2015 CSCE Annual Conference Regina - Building on our Growth Opportunities Conference
Dr. Khaled Sennah, Ryerson University
Dr. Ghrib Faouzi, University of Windsor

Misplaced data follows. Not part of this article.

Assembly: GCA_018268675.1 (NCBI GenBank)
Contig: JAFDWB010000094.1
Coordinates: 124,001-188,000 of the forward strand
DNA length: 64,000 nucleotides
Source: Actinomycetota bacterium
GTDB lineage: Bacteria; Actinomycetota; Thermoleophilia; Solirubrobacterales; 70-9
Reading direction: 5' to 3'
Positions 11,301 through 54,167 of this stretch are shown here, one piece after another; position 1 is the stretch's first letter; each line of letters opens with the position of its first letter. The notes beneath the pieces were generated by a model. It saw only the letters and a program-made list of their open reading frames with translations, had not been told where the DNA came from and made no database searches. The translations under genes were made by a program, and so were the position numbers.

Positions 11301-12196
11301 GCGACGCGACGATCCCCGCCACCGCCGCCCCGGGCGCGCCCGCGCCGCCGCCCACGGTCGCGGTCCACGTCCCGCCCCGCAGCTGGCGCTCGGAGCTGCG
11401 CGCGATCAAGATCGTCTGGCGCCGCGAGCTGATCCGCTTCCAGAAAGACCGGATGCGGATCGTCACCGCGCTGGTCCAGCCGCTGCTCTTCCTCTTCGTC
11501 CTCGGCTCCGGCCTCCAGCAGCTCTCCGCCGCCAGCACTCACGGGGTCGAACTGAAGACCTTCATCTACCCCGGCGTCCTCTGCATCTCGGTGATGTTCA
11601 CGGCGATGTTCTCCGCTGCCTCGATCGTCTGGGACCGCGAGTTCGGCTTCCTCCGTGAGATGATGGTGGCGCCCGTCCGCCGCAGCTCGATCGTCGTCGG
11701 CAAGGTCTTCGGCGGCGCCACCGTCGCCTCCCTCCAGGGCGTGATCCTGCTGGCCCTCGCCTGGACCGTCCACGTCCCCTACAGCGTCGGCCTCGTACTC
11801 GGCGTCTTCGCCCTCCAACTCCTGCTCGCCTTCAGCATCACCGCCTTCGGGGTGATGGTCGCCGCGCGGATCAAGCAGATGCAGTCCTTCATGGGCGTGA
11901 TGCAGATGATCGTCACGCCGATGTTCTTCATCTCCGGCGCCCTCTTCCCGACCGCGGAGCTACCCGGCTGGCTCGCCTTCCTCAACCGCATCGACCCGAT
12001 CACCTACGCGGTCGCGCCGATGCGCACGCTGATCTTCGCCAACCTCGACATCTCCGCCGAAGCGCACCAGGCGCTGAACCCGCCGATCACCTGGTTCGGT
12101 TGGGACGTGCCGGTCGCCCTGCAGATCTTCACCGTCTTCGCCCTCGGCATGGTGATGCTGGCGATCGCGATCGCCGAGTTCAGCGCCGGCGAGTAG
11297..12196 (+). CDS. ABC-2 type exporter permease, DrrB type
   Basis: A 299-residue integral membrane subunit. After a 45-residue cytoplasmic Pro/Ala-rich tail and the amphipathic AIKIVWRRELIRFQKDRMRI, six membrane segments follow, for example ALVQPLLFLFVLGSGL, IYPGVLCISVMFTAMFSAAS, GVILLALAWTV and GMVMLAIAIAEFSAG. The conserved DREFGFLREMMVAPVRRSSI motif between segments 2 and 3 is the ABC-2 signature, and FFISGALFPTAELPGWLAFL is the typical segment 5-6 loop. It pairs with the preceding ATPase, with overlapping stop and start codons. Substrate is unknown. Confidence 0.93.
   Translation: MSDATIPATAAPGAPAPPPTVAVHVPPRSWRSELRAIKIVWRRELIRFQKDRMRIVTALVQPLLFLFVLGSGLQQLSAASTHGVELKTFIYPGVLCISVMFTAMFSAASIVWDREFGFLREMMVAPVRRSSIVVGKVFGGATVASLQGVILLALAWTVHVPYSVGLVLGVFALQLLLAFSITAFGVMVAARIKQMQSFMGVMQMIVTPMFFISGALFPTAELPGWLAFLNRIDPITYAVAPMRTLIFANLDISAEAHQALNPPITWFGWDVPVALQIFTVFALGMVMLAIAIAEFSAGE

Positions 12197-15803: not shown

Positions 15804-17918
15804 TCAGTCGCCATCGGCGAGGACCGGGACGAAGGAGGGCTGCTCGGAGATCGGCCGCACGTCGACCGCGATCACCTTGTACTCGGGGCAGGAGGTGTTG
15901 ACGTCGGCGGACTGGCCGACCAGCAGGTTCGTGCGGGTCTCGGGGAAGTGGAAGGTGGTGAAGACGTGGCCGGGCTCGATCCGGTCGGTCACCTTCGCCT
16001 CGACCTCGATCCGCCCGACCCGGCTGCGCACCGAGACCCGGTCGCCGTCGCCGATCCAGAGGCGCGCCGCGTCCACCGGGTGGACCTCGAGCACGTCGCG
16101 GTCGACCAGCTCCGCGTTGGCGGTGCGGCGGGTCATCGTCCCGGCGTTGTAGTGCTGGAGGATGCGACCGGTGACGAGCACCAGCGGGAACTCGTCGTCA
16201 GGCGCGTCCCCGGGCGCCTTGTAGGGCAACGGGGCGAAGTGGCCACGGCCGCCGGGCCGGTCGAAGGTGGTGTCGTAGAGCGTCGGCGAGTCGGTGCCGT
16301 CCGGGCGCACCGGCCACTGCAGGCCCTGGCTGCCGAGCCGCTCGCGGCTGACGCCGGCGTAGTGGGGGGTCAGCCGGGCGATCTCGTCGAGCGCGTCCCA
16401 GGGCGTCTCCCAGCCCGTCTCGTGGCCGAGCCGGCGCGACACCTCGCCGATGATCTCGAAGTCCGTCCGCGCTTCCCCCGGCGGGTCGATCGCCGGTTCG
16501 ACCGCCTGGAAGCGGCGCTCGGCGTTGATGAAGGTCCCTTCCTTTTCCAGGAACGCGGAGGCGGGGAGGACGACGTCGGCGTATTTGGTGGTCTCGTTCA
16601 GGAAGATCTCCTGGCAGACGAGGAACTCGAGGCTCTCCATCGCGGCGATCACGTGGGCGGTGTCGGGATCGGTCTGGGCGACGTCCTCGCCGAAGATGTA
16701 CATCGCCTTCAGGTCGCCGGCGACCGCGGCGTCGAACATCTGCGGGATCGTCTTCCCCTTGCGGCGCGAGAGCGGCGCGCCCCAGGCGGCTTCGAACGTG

Canadian Highway Bridge Design Code (CHBDC) and AASHTO-LRFD Bridge Design Specifications allow cross-frames to be parallel to the skew angle if less than 200. However, for skew angles greater than 20°, both design specifications require the cross-frames to be perpendicular to the longitudinal axis of the girder. Literature review showed that the effect of cross-frames layout in skew composite concrete slab-over steel I-girder bridges on load distribution among girders is as yet unavailable. In this paper, three cross-frame layouts commonly used in skewed bridges are considered, namely: parallel cross frames to the skew support lines (parallel layout), perpendicular cross-frames to the skew support lines (perpendicular-continuous layout) and perpendicular cross-frames to the skew support line with staggered arrangement between girders (perpendicular-discontinuous layout). A three-dimensional finite-element modelling was conducted to determine the magnification factor for moment and shear in bridge girders with different skew angle, cross-frame layout and stiffness, span length, number of design lanes and truck loading conditions. The finite-element results are presented in terms of cross-frame forces at bridge supports, differential vertical displacement of cross-frame at obtuse corners, girder longitudinal bending moment and vertical support reactions. Results showed that parallel cross-frame layout can be used for skew angles up to 300. Also, skew bridges with perpendicular-discontinuous cross-frame layout exhibited better structural performance than the perpendicular-continuous cross-frame layout. Moreover, results showed that the maximum positive moment in exterior girder is located at the girder mid-length for right-angle bridges while this location shifts towards the obtuse corner with increase in bridge skewness.